How long will they suffer?
It's shocking to learn that an estimated 6,000 people from Bangladesh and Myanmar are fighting for survival in the Andaman Sea and the Straits of Malacca as Indonesia, Malaysia and Thailand are refusing to accept them to their respective shores.
While Myanmar disowns the Rohingya people drifting in the sea amid total uncertainty, Bangladesh seems not that much worried about its own people.
Foreign Secretary of Bangladesh Shahidul Haque said they had no specific information.
"Different organisations are saying different things … but nothing specific. We have sought information from the UN to let us know the details," he told The Daily Star over the phone yesterday.
Bangladesh also appears to say that most of the boatpeople are Rohingyas.
Now, the only thing left for the trafficking victims is death. And, they are dying.
A BBC correspondent on Thursday reported from alongside a vessel off the southern coast of Thailand that 10 migrants had died and their bodies were thrown overboard.
The fishing boat, carrying about 350 people, has been stranded for a week in the Andaman Sea after it was refused entry to Thailand. The crew abandoned them and disabled the engine. With no food or water, they are drinking their own urine.
The situation, undoubtedly, is the same on dozens of other such vessels that might have set out from the Bay of Bengal weeks before.
The reason why the crew left the boats is the fear of arrest in Thailand, which is conducting a hunt for human traffickers since early May following exhuming of some 33 bodies at its coastal jungle camps.
Imagine what would have happened if the mass graves were not discovered.
The practice that has been going on for some two decades would have remained the same. The vessels carrying the persecuted Rohingyas or hapless Bangladeshis land on Thai coasts. The traffickers take the boatpeople to jungle camps and torture them until their relatives pay handsome amounts for their release.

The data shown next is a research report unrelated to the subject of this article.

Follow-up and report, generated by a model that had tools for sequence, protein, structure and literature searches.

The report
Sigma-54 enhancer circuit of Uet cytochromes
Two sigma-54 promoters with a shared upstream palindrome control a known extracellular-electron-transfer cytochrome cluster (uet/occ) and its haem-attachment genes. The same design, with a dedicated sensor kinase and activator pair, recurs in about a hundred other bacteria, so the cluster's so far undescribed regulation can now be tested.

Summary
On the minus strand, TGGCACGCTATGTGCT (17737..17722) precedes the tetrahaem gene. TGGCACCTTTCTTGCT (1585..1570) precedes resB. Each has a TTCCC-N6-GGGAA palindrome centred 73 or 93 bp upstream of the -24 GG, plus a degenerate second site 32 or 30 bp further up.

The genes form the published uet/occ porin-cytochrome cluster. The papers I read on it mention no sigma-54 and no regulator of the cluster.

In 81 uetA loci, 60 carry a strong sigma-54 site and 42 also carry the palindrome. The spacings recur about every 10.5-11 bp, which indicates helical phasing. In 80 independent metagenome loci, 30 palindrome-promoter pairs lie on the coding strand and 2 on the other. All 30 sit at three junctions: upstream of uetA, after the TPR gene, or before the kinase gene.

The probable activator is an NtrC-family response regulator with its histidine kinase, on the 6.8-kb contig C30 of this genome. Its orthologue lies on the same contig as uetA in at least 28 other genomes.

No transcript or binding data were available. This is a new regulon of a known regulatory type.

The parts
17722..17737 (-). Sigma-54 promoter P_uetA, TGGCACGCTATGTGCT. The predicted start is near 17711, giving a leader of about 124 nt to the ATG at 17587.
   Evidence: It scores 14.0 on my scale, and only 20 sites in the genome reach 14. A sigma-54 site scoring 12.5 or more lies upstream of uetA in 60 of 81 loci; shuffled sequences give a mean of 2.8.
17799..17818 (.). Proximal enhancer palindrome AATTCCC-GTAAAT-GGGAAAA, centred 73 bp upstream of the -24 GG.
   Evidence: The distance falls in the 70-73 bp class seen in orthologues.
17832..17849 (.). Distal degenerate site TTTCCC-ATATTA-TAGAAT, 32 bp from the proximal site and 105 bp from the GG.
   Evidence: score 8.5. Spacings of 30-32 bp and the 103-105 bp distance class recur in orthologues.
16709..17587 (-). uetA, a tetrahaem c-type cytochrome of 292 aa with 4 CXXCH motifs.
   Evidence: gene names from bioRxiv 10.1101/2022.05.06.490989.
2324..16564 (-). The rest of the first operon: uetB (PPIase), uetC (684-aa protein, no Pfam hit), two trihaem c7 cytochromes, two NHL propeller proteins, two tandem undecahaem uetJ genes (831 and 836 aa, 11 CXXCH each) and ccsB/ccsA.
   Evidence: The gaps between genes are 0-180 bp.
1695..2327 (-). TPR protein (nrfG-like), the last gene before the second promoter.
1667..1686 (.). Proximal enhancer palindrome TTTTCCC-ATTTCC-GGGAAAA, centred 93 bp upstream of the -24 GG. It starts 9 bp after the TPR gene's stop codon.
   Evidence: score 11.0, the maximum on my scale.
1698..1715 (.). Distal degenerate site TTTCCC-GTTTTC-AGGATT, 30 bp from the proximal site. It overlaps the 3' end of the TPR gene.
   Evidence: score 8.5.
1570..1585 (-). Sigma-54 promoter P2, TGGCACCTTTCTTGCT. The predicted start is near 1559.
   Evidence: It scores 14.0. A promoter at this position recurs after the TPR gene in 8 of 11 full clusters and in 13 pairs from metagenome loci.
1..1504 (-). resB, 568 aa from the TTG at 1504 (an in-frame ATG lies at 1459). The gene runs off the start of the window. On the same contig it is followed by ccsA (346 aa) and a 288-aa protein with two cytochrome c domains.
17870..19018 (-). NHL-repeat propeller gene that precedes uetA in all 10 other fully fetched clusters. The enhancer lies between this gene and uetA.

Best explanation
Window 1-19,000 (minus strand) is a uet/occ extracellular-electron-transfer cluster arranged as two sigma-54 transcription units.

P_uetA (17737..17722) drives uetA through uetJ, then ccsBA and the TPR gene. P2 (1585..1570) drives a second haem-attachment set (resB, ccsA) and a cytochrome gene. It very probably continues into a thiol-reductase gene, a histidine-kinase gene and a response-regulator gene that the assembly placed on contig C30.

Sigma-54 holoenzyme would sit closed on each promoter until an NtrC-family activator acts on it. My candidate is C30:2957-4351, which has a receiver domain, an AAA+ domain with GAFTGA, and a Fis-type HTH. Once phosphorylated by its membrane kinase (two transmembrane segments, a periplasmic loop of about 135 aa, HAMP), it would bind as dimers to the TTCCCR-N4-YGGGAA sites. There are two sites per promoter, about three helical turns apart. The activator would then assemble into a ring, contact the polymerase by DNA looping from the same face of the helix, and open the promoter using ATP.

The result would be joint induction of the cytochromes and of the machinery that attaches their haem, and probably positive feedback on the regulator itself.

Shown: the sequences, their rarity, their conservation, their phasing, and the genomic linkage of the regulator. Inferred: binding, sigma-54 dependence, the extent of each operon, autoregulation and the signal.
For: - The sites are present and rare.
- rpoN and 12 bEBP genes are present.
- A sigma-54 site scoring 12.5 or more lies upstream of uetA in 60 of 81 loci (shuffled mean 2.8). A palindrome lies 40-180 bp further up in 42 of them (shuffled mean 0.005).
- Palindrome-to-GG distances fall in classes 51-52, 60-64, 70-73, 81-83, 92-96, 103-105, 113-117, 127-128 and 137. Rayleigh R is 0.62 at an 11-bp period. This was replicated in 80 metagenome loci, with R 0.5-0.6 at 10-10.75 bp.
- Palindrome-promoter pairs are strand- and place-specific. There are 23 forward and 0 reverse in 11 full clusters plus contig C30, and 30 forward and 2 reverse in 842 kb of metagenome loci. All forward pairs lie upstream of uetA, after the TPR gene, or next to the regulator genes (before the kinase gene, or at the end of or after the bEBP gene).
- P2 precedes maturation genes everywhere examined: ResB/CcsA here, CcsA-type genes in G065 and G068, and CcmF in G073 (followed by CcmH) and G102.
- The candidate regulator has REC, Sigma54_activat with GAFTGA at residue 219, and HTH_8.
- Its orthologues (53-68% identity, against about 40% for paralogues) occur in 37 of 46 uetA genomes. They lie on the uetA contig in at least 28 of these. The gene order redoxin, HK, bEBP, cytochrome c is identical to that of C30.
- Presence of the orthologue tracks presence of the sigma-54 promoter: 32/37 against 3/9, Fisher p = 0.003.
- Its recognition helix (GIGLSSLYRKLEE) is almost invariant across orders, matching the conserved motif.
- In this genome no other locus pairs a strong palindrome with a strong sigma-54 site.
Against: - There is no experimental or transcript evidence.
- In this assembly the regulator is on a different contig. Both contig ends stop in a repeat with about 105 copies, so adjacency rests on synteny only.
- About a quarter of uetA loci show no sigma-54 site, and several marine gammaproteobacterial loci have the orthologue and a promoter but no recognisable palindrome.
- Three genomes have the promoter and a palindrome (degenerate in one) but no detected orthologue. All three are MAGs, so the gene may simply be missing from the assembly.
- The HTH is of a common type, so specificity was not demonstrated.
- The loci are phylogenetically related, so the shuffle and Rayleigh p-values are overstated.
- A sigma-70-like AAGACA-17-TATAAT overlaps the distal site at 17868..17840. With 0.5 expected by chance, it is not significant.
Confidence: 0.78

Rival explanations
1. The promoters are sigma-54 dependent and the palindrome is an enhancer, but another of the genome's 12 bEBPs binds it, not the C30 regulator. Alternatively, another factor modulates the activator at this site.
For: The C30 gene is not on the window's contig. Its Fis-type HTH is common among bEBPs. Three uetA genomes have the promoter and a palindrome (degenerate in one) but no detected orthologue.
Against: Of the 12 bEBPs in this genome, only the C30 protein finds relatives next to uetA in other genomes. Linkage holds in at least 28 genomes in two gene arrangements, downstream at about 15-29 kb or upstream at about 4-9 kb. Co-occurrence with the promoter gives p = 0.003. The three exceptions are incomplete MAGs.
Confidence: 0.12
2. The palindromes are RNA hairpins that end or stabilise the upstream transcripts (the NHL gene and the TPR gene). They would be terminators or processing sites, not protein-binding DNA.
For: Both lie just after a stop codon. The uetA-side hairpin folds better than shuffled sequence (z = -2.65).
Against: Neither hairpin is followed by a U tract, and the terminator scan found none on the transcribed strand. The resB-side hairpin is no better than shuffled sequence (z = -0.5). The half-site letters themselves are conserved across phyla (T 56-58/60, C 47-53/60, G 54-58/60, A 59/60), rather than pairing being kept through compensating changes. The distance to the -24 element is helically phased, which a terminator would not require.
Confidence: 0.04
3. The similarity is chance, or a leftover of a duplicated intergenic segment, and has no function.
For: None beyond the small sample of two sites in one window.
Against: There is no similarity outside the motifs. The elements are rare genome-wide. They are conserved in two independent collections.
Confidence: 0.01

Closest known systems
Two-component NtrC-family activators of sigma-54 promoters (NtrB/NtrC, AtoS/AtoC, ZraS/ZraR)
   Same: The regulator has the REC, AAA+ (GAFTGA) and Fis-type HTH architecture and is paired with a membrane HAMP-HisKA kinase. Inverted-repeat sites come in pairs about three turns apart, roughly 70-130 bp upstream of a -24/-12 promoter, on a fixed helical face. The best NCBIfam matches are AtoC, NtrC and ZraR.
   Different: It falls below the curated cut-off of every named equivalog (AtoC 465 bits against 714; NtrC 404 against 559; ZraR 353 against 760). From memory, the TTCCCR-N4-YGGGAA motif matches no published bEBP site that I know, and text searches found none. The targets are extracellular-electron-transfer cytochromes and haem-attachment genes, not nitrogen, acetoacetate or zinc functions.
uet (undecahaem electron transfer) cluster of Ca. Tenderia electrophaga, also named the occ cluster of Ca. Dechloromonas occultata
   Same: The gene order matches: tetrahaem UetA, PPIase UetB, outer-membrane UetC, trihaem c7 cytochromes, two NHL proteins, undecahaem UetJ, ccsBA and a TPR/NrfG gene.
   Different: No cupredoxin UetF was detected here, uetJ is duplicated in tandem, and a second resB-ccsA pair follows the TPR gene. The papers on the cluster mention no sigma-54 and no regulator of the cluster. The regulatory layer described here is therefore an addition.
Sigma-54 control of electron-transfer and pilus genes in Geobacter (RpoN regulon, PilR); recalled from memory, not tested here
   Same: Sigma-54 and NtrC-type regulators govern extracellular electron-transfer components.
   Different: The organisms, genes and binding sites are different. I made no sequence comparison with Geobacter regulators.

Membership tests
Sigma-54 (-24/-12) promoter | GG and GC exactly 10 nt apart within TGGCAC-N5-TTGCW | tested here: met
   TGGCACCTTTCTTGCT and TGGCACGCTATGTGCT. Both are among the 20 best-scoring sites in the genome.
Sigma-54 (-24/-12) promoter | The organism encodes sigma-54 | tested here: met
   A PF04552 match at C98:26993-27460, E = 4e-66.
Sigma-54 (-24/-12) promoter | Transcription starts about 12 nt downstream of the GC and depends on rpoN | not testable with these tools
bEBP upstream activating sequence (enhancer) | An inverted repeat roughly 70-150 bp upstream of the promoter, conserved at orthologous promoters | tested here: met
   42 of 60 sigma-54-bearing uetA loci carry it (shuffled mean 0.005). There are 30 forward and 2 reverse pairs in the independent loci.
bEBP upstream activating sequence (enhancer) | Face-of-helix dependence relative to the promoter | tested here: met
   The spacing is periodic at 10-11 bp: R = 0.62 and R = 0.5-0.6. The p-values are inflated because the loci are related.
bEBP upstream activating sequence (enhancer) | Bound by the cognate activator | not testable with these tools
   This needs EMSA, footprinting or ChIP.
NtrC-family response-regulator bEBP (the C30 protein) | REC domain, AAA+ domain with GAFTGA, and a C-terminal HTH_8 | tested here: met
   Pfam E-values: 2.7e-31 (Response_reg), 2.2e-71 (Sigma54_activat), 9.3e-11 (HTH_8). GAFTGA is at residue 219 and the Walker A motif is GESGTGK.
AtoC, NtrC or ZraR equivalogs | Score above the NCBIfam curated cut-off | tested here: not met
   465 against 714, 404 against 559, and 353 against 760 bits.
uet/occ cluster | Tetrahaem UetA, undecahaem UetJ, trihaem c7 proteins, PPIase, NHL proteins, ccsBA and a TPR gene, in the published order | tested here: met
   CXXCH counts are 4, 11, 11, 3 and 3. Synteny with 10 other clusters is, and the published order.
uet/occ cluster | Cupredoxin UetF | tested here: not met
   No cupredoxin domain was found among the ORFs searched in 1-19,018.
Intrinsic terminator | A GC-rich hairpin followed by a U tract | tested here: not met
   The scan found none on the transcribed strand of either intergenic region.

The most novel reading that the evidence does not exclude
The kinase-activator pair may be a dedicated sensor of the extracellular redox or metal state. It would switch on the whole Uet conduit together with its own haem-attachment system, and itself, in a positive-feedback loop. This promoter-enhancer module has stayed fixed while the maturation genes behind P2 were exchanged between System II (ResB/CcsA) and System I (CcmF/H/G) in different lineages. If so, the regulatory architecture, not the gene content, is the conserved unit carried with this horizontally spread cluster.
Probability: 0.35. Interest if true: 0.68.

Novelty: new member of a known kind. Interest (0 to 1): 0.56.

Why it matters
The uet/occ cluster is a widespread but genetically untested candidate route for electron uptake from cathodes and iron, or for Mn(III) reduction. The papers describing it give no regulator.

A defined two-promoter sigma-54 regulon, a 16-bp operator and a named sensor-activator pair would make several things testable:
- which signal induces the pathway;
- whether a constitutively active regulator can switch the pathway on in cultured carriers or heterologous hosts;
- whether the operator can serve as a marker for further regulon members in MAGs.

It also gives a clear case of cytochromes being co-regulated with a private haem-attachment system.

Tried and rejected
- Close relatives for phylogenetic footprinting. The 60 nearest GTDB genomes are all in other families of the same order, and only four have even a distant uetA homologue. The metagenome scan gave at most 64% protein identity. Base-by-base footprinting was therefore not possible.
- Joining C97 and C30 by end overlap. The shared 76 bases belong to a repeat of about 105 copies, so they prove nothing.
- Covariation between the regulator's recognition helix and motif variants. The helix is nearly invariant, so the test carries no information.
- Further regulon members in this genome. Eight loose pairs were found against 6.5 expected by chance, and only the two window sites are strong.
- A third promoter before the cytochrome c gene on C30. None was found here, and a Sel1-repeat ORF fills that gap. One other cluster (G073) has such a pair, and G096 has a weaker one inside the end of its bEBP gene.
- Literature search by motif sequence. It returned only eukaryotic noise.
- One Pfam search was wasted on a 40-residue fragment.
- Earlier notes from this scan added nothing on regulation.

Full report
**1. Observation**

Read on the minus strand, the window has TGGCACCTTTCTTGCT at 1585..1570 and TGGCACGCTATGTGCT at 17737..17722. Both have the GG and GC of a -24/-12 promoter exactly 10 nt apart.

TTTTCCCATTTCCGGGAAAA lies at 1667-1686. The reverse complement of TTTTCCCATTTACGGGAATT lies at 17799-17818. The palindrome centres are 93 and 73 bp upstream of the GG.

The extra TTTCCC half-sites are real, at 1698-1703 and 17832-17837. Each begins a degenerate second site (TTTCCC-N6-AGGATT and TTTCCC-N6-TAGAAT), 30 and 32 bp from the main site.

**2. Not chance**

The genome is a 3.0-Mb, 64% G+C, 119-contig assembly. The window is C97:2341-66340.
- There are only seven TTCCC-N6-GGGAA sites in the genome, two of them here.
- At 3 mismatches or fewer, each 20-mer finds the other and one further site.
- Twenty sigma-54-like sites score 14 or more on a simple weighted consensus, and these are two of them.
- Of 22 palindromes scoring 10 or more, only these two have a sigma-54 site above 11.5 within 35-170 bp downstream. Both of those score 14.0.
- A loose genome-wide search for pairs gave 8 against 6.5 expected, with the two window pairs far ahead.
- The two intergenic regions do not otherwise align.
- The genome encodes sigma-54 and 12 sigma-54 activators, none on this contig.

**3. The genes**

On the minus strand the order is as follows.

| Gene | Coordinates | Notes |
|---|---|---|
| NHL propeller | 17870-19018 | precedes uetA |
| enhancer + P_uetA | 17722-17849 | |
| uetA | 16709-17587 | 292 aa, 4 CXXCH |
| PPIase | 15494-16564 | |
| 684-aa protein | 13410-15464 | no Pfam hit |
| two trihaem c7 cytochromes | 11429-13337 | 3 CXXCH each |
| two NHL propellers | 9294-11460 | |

However, even after the payment, they are sold to other traffickers in Malaysia or fishing industry in Thailand.
Other than the traffickers, officials and local politicians in Thailand and Malaysia reportedly benefit from this clandestine "slave trade".
Earlier, many Bangladeshis, who were pushed into Malaysia after paying ransom, had landed in jail, served sentences for intrusion and later deported. Those who were unable to pay ransom were tortured to death or forced to servitude.
It is difficult to estimate how many victims faced such deaths or servitude. But, the estimated 6,000 people, as reported by the IOM, who are now floating in the sea, can still be saved.
The UN High Commissioner for Refugees (UNHCR), International Organisation for Migration (IOM), the US and rights bodies have requested Thailand, Malaysia and Indonesia to allow the boatpeople to their shores, conduct rescue operations and provide them with whatever is required for their survival.
The ball is in the three states' court now.
Meanwhile, Malaysia's Deputy Home Minister Wan Junaidi Tuanku Jaafar said Southeast Asia's growing refugee problem was due in large part to Myanmar's treatment of Rohingyas and so he wanted to send a "very strong message" to Myanmar that they needed to treat their people with humanity.
He is right. But as members of the Association of Southeast Asian Nations (ASEAN), Malaysia, Thailand or Indonesia never gave a "very strong message" to Myanmar on the decades-old issue.
So, sending a "very strong message" by pushing 6,000 people to death in the sea amid a humanitarian crisis can never be a good idea.